On the Forbes 2013 list of the top ten skills that employers seek in potential employees, the first is the ability to work as a team(Collaborative Leader). Traditional schooling does not promote that skill. Number four on the list is the ability to communicate verbally with others, both inside and outside of an organization (Positive Communicator, Globally Connected). Traditional schooling does not promote those skills. Numbers seven and eight concern technical knowledge specific to the job and proficiency with computer software and hardware (Complex Thinker, Financially and Digitally LIterate). Traditional schooling falls short in these areas. Evidently, we are on the right track with the SAS Compass and the expected Student Attributes. Measuring the success and documenting student growth in their quest to embody all eight of those attributes is a challenge.

The work of a school district is influenced by the things that we measure. Test scores, for example.  We measure student success based on outdated models and previous understandings of knowledge. This year presents Saline Area Schools as an organization and community of learners with the opportunity to look for new ways to think about and measure student performance.  

“Not everything that matters can be measured, and not everything that is measured matters.” Elliot Eisner

Ready, Set, Go!

September 3, 2018


Last Wednesday and Thursday were the first two days of the 2018-2019 school year. Teachers are students, too! All staff reported for work and put the finishing touches on the planning and preparations for the new school year. Instructional staff attended a Professional Learning Symposium at Saline High School. There, teachers learned from the best that Saline has to offer: our own teachers! Topics from how to create a paperless classroom, blended learning, global awareness, social/emotional wellness, and vocabulary enhancement to how to involve students’ voice in their learning were explored. Over 45 sessions, led by Saline Area School staff, gave teachers an opportunity to share, learn, discuss, and explore.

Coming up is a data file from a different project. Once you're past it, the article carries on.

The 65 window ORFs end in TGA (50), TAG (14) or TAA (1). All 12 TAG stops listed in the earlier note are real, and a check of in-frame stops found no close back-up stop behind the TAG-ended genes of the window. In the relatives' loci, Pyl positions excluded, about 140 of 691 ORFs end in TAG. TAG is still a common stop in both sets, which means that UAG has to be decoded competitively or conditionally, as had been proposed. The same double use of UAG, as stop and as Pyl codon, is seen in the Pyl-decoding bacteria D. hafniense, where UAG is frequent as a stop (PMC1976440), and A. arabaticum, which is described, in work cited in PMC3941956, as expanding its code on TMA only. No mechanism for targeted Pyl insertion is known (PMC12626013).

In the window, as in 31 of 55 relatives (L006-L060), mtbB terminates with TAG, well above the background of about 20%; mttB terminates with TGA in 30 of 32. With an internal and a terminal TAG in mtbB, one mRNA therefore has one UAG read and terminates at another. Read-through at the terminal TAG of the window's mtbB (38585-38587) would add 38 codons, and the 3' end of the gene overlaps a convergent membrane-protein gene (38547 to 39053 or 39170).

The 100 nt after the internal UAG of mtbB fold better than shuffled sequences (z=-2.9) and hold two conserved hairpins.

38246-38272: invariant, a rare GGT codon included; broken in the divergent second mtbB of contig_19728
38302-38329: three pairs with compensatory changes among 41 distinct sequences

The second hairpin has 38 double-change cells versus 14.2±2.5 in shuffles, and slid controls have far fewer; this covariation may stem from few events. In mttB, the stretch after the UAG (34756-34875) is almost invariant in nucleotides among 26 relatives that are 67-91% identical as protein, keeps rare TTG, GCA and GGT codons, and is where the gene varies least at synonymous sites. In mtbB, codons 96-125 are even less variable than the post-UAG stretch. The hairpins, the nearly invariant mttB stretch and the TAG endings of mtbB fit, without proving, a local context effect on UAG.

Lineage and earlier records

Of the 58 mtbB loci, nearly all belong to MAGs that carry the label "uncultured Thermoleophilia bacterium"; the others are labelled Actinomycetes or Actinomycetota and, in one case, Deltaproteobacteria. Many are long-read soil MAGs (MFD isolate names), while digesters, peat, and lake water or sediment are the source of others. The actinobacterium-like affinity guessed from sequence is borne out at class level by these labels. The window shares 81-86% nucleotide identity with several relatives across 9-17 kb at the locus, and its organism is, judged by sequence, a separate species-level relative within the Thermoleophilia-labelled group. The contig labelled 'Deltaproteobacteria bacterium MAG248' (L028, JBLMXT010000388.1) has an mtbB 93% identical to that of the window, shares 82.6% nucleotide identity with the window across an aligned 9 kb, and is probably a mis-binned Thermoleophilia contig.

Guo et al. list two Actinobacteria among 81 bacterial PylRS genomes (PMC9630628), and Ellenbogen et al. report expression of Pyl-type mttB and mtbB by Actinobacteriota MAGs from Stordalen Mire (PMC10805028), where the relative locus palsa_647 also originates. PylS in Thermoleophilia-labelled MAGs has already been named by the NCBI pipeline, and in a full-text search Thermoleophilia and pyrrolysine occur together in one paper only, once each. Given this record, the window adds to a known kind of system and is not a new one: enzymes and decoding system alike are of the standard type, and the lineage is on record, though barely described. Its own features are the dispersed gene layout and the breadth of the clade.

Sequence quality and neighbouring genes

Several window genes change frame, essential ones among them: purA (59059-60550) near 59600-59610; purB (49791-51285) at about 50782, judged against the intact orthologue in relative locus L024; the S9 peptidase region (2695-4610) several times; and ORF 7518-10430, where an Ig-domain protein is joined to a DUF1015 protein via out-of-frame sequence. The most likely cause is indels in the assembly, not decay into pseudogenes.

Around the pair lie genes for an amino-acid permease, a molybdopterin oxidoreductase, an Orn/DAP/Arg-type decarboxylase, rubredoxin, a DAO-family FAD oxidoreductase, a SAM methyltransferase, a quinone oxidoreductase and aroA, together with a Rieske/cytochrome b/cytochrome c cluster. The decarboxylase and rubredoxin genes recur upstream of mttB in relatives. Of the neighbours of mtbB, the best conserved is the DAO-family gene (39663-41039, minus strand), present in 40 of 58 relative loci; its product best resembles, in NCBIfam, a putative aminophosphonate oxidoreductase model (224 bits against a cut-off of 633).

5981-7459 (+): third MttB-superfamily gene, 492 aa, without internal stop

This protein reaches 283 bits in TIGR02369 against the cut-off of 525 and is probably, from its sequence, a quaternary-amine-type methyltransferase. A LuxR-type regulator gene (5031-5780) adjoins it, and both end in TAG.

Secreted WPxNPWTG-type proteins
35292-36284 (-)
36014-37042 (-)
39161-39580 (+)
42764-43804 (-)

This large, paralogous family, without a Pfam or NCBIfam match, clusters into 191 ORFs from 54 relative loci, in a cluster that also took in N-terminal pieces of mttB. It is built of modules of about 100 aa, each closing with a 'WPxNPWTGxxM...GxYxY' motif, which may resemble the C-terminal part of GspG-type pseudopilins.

On the second day, staff members were challenged to consider classroom culture, bias, and diversity of thought. Dr. Jay Marks delivered a challenge for SAS to expand cultural proficiency as individuals, buildings, and as an organization.  In general, we engaged in the pursuit of excellence and modeled lifelong learning.

During this time of professional learning, one could see, feel, and hear the excitement. The teachers are ready, anxious even,  to have the students return for another year of learning and growing together. The rush of energy that the students bring is contagious and infectious.  The longer I am in this role and the more “opening of school” days that I see, the more I truly understand what makes a school work. However, I also see that while schools may be led by adults, schools are for the students. Adults can focus on new programs, new ideas, time-tested strategies, infusion of technology, and paperless classrooms. However, in the end, the greater the ability that we, as adults have, to connect and build positive relationships with our students and community, the more successful we become as an organization.


I am looking forward to a great school year! See you in the morning!


Saline High School – Class of 2018

June 3, 2018


Saline High School
Senior Class Survey

Recently, the members of the Class of 2018 completed an online survey to indicate where they would be sending their final transcript. The results for the 381 responses are below:

Michigan Colleges (236) 62%
Out of State Colleges (75) 20%

Michigan Public Colleges (208) 55%
Michigan Private Colleges (28) 7%

All Four Year Colleges (329) 74%
All Two Year Colleges (80) 18%

Technical or Vocational School (3)
Military (8)
Working Full Time (10)

Interesting Numbers:

Michigan Private Schools
Adrian College 5
Albion College 4
Alma College 2
Aquinas College 1
Calvin College 1
Concordia University – Ann Arbor 1
Hillsdale College 1
Hope College 5
Kalamazoo College 2
Kettering University 2
Lawrence Technological University 1
Northwood University 1
Siena Heights University 1
University of Detroit Mercy 2

Michigan Public Schools
Central Michigan University 4